Newton, MA. real estate, newtonmasshomesfor sale.com
Mortgage Rates are on an undisputed tear, moving more today than any day in the past 3 weeks of progressive movement into new all-time lows. The week began much like the previous week ended, with concerns over the European financial system pulling all manner of ‘safe-haven’ bond yields lower, among them MBS (the Mortgage-Backed-Securities that most directly influence mortgage rates).
Once again, there was nothing on the domestic economic calendar and corporate earnings had little effect next to news that a third region in Spain will now request assistance from Spain’s central government. Combined with a glut of generally gloomy news overnight, 10yr Treasury yields hit new record lows before domestic trading commenced. The balance of the day has simply seen rates move in narrow, sideways patterns near these extreme levels.
Even though Friday had been fairly brisk in terms of the pace of improvement for mortgage rates, today was brisker in most cases. Best-Execution rates for 30yr Fixed, Conventional loans are a foregone conclusion at 3.5% and there’s an even stronger case for 3.375% at some lenders. That said, 3.5% continues to be a more efficient combination of rate and fee at most lenders.
(Read More:What is A Best-Execution Mortgage Rate?)
Long Term Guidance: We’d continue to advocate against trying to “get ahead” of current market movements due to the high degree of uncertainty. In the past, we would have interpreted that advice as a suggestion to lock, but in the recently “low and sideways” environment, it’s probably better-read as a suggestion to go with the flow of gradually lower rates until we see the pattern definitively break. It’s a reasonably safe assumption that European concerns will generally continue to apply downward pressure on rates although there are no guarantees that the right piece of news or economic event couldn’t mark “the turning point” at which rates bottom out. On any given day, rates have been at or near all-time lows and in the grand scheme of things, unable to move lower as quickly as Treasuries for example. So although there is potential gain from floating, it’s still a historically excellent time to lock if you’d prefer to take the risk off the table.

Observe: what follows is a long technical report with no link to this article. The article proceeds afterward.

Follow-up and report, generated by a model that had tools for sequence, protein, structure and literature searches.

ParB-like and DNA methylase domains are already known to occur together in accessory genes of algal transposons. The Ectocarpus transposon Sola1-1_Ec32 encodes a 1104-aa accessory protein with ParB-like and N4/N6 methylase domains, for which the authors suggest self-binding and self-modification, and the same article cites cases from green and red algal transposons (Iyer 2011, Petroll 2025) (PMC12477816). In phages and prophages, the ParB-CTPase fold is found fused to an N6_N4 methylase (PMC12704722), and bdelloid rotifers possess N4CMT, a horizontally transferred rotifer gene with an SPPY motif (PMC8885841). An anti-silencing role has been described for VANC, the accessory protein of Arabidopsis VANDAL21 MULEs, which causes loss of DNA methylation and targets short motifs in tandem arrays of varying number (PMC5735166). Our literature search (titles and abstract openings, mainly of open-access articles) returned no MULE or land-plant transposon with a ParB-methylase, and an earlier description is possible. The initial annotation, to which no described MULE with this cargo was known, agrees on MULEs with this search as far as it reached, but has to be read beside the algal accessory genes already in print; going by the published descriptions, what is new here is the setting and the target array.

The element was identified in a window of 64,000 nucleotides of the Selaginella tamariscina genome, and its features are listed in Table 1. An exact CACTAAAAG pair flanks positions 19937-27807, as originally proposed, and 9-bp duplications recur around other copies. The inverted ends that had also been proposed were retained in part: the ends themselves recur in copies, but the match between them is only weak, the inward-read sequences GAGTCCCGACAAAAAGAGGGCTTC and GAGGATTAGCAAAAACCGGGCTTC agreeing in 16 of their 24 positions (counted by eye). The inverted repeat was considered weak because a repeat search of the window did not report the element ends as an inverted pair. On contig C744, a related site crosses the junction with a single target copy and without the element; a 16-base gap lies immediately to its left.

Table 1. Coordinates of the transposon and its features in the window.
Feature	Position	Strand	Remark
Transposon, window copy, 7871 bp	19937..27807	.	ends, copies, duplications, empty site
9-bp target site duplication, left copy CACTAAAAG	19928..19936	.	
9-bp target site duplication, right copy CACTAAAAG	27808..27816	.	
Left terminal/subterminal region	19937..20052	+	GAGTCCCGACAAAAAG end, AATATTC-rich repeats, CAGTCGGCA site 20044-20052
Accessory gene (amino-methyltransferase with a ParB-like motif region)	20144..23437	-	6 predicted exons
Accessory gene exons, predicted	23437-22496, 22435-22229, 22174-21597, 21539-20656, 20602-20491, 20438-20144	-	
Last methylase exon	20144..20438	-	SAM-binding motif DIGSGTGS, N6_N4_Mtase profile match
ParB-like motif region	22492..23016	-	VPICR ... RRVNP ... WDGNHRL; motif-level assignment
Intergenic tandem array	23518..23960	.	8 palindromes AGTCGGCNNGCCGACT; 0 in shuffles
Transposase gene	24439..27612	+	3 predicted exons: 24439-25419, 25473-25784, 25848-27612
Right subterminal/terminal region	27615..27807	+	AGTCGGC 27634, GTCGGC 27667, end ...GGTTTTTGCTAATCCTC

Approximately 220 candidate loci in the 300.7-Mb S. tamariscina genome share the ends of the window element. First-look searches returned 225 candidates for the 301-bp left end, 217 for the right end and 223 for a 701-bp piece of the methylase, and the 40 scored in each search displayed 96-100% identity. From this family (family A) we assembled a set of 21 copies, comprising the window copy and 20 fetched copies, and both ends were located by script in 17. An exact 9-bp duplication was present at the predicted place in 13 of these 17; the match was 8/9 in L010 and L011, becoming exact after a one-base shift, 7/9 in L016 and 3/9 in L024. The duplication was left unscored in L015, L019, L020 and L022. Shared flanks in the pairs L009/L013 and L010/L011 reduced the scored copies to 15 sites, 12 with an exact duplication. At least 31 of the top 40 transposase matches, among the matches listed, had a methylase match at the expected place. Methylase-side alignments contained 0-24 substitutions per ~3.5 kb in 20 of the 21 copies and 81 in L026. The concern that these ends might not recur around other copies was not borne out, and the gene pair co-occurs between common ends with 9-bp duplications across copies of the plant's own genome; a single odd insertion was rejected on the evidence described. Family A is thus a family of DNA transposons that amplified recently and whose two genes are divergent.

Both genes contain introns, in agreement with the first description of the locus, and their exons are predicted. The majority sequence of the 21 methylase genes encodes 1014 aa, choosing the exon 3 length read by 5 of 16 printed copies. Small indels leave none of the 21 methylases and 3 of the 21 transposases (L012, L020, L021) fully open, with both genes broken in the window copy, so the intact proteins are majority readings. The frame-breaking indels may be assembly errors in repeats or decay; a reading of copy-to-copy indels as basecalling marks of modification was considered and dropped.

Loan Originator Perspectives
Ira Selwin, Vice President Of Secondary Marketing, US Mortgage Corporation
I have officially changed my thoughts from “Lock” to “Float”. I feel that right now is the time to float, but always have your Loan Officer ready to lock your loan at a moments notice in case things turn the wrong way.
Victor Burek at Benchmark Mortgage
If you have been following my advice(i said Friday don’t lock anything), it is the same today as it has been. Float until you are within 15 days of closing, then lock. Yes, rates might edge a little lower during that 15 days, but at some point you must lock. Don’t make the mistake of trying to time the bottom as the only way to know rates are at rock bottom is once they have passed, but then it is too late.
Julian Hebron, Loan Agent, Branch Manager, RPM Mortgage
Sticking to the plan I laid out last with all clients. It’s the safest way to manage a declining but unpredictable rate environment. Here it is: Locking purchases as they ratify to capture current lows for clients whose purchase contracts dictate a specific timeline. Decisions to lock refis are specific to each client. If they’ve recently closed a purchase or previous refi (thus rate is only slightly higher than current market), it’s either a float or a no-cost refi depending on breakeven math for closing fees spent previously. If they haven’t refinanced in awhile (thus rate is much higher than current market), it’s a lock—whether those locks are cost or no-cost also depends on math best suited to client profile and expected time horizon in the loan and/or home.
Today’s BEST-EXECUTION Rates
- 30YR FIXED – 3.5%, Some Approaching 3.375%
- FHA/VA – 3.25-3.5% (varies more between lenders than conventional 30yr Fixed)
- 15 YEAR FIXED – 2.75 – 2.875%
- 5 YEAR ARMS – 2.625-3. 25% depending on the lender
Ongoing Lock/Float Considerations
- Rates and costs continue to operate near all time best levels
- Current levels have experienced increasing resistance in improving much from here
- Rates could easily move higher or lower, but given the nearness to all time lows, there’s generally more risk than reward regarding floating
- But that will always be the case when rates operate near all-time levels, and as 2011 showed us, it doesn’t always mean they’re done improving.
- (As always, please keep in mind that our talk of Best-Execution always pertains to a completely ideal scenario. There can be all sorts of reasons that your quoted rate would not be the same as our average rates, and in those cases, assuming you’re following along on a day to day basis, simply use the Best-Ex levels we quote as a baseline to track potential movement in your quoted rate).